Interestingly, Stewart writes that the Incan stairs were rediscovered only in the 1980s; before that time, Inca Trail trekkers took an alternate, roundabout route to Wiñay Wayna. The older route is no longer maintained or passible.
Although Rachel is usually faster than me hiking downhill, the stairs were a different game. I had to wait for her several times and we took a few breaks. At one point she even began cracking up. The reason was a sort of optical illusion in which a couple ahead of us on the trail were quite close but looked like they were standing about 10 vertical meters below us, with no apparent way of getting down (it was because the trail curved to the right and then back in front of us).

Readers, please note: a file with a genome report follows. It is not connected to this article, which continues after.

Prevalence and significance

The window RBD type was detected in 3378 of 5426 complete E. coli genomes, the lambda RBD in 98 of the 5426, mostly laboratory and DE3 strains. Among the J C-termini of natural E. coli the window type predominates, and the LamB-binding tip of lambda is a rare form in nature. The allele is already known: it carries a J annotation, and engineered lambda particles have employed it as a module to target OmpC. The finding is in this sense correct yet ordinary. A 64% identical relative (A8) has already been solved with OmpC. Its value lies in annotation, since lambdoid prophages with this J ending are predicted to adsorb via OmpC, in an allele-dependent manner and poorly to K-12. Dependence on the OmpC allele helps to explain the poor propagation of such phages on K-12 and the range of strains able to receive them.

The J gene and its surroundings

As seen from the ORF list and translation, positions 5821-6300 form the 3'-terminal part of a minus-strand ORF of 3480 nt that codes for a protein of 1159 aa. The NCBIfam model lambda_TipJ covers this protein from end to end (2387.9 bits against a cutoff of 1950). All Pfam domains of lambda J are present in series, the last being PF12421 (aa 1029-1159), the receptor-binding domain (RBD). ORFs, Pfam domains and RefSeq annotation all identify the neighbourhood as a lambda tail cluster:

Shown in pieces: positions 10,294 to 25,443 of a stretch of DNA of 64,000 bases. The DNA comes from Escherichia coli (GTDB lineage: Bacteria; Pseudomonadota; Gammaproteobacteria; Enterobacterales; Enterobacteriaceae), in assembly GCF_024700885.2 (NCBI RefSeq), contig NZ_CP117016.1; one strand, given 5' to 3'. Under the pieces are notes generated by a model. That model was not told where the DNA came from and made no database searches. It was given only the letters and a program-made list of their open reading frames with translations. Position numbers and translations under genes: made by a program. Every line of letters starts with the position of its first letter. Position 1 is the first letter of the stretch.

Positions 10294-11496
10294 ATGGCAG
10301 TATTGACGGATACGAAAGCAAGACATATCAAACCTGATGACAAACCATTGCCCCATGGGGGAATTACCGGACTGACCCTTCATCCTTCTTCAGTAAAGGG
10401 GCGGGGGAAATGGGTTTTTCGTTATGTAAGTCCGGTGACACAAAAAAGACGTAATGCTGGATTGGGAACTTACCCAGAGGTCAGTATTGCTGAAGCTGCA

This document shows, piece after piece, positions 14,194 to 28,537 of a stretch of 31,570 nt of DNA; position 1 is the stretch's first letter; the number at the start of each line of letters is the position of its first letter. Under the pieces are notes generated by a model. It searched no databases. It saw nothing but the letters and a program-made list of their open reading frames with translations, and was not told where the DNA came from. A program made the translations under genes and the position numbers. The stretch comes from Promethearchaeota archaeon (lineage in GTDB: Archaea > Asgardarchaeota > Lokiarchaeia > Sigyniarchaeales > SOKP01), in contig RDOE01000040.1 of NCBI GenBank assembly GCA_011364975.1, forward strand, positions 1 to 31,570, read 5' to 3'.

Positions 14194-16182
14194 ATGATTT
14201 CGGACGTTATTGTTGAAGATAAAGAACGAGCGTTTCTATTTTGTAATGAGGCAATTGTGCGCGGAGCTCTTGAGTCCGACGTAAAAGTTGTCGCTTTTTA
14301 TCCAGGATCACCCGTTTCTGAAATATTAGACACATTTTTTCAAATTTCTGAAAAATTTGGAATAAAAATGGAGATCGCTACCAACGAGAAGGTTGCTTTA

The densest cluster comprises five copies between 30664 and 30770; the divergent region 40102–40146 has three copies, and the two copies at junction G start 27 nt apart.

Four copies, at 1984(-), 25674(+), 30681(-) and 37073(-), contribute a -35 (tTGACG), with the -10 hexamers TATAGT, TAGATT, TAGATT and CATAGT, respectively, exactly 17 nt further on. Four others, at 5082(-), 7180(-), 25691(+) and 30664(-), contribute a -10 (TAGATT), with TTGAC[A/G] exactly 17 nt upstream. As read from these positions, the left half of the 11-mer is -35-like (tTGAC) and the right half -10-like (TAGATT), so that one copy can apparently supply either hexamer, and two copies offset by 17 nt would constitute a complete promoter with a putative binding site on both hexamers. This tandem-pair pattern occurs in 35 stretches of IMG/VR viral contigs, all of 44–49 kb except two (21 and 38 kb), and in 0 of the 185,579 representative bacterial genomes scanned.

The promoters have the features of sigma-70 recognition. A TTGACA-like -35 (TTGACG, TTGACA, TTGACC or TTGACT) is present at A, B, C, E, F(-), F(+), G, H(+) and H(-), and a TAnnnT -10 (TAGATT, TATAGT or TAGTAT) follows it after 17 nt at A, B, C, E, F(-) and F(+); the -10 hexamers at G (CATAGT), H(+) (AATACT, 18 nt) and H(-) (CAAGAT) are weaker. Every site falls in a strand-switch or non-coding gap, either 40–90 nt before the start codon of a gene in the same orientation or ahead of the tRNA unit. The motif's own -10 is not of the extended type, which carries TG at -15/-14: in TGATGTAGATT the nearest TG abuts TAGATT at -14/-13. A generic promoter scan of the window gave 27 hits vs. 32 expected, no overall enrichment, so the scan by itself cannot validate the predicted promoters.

Making the scene more farcical was the fact that a Peruvian man was coming up the stairs and had just stepped to the side to let us pass. Rachel was paralyzed with laughter, so this man was just standing there looking uncomfortable. He shot me a sidelong glance as if to ask, “What is wrong with this crazy person?”
At the pass, Yaneth told us that if we had time, we could walk through the Incan ruins at Wiñay Wayna (Huiñay Huayna, translating as “forever young” and actually named after an orchid found at the site). If not, we’d have to take a shortcut to the campsite, also known as Wiñay Wayna. It was clear that we would have no choice but to take the shortcut, but I became increasingly worried that we wouldn’t make it before dark (which, of course, we didn’t). Even with the urgency, it was very difficult to increase our pace given the irregular steps. (I was not taking many photographs at this point, and would only pause a few seconds when I did.)